fence is made of wire (or wood) lattice, so as to exclude
small birds. At regular distances, through the enclosed
area, are inserted into the earth, wooden or tile sockets for
the reception of poles or props to support the net. These
poles have a small circular board each nailed on their tops,
to prevent injury to the netting. The boundary fence is
supplied with hooks, to which the net is readily attached.
When the cherries begin to ripen, it is elevated on several
of the poles, each carried, by a man, and spread over the
garden, the rest of the poles being easily inserted in their
sockets afterwards. All birds are thus completely excluded.
During rain or dewy evenings, the net is stretched to its ut-
most extent, as indicated by the dotted lines- in the annexed
figure :

Fig. 266.

Birds excluded from miniature cherry orchard by net screen.

In dry weather, it is slackened, and forms a festooned vault
over the whole cherry garden. Its durability is increased
by soaking it in tan once a year.* Ten square rods of
ground, comprised within a circle of fifty-nine feet in diam-
eter, would contain forty dwarf cherry "trees at eight feet
distance, or ninety trees at five feet distance.


To which the cherry is liable at the North, are few arid not
formidable. After the young trees are procured, they are
consequently of remarkably safe and easy cultivation.

There are, however, some varieties which are liable to
black excrescences on the branches, which, gradually increas-
ing and extending, destroy the tree. The only means of
arresting their progress, and which, when vigorously and

* London's Sub. Hort.


unremittingly applied, does not fail, is to cut off the injured
branches at once, and commit them to the fire.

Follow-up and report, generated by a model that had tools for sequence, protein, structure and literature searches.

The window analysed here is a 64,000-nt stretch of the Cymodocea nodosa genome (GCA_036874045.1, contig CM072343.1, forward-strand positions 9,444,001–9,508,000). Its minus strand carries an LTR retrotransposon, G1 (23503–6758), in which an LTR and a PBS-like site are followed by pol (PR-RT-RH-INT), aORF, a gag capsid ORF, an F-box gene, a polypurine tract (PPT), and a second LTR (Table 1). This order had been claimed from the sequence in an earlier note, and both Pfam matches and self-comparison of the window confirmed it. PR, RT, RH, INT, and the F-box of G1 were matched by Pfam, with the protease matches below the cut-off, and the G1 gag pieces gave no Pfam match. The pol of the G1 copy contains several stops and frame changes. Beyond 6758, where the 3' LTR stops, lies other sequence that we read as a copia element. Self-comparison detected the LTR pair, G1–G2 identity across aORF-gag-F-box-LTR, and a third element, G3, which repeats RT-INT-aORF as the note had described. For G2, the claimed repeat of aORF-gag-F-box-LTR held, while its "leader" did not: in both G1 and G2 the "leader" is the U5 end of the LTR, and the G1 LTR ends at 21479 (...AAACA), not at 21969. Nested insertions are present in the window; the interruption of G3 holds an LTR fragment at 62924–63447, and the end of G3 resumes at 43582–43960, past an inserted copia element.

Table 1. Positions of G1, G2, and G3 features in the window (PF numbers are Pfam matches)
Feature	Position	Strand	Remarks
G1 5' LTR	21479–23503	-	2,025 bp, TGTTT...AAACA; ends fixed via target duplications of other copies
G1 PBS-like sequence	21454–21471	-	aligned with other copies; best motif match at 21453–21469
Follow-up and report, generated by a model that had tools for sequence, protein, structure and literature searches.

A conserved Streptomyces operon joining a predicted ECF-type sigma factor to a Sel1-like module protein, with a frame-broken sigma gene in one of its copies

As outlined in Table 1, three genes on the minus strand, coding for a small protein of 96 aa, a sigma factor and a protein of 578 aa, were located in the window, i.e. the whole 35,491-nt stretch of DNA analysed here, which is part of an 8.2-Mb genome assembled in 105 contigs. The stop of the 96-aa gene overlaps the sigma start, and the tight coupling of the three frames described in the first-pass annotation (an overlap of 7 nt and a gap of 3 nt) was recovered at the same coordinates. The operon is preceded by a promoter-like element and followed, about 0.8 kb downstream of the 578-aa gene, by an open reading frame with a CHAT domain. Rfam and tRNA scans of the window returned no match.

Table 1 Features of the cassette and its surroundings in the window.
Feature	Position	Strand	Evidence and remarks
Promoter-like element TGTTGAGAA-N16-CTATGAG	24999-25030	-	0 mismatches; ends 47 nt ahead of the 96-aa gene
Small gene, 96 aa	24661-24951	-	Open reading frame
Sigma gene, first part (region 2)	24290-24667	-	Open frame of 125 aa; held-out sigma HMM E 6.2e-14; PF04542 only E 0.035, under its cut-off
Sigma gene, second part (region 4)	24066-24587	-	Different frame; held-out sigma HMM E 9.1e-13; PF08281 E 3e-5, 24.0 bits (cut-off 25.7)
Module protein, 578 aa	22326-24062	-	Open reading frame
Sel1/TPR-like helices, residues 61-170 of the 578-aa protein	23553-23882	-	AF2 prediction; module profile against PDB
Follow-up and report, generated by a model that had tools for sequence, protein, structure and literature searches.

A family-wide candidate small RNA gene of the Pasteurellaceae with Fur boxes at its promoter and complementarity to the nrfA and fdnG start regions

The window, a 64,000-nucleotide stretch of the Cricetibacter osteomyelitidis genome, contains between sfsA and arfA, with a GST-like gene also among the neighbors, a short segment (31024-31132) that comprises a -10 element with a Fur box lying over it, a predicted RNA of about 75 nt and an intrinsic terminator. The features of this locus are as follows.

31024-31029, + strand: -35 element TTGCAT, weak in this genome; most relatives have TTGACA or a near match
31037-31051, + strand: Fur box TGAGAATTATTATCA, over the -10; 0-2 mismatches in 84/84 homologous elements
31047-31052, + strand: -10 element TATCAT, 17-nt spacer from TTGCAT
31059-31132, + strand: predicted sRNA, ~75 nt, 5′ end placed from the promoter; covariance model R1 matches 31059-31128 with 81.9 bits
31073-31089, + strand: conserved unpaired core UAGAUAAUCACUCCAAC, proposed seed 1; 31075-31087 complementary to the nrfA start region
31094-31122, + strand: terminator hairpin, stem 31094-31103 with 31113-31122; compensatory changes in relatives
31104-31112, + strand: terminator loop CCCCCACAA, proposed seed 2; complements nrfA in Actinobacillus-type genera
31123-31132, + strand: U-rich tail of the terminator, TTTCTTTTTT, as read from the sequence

The Hack aphis, or plant louse, is often very injurious to
young trees in the nursery, causing a stunted and distorted
growth, and when abundant on newly grafted trees, some-
limes destroying them.

The best remedy is the application of whale-oil soap. A
teacupful is dissolved in a pail of water, and applied with a
syringe, or by the immersion of the infested branches, which
causes the immediate death of the insects t and must be re-
peated every few days till no more are found.

The " Cherry Slug," (Fig. 267,) when in large numbers,
does serious injury by eating the leaves. This
animal, which appears to be the larva of an
insect, is about half an inch long, and dark
greenish brown when filled with food. Its
smooth, shining, and jelly-like skin, and snail-
like appearance, have given it the name " Slug." It may
be repelled by dusting the cherry leaves regularly, while
wet with dew, with dry fresh ashes.

The curculio, so destructive to the plum and apricot, some-
times injures young fruit. The orchard caterpillar often
defoliates the cherry tree. Remedies have been pointed out
in former chapters.

Sometimes the cherry crop is much lessened by long and
heavy rains, at the period of the bursting of the anthers,
washing down the pollen, and preventing the fertilization of
the stigma and germ.

At the South and West, most of the finer varieties of the
cherry do not flourish. This is supposed to be caused, at
the South, by the hot sun upon the trunk of rapidly grow-
ing and succulent trees, the wood of which does not mature

Online LibraryJohn Jacobs ThomasThe American fruit culturist, containing directions for the propagation and culture of fruit trees, in the nursery, orchard, and garden, with descriptions of the principal American and foreign varieties, cultivated in the United States → online text (page 26 of 31)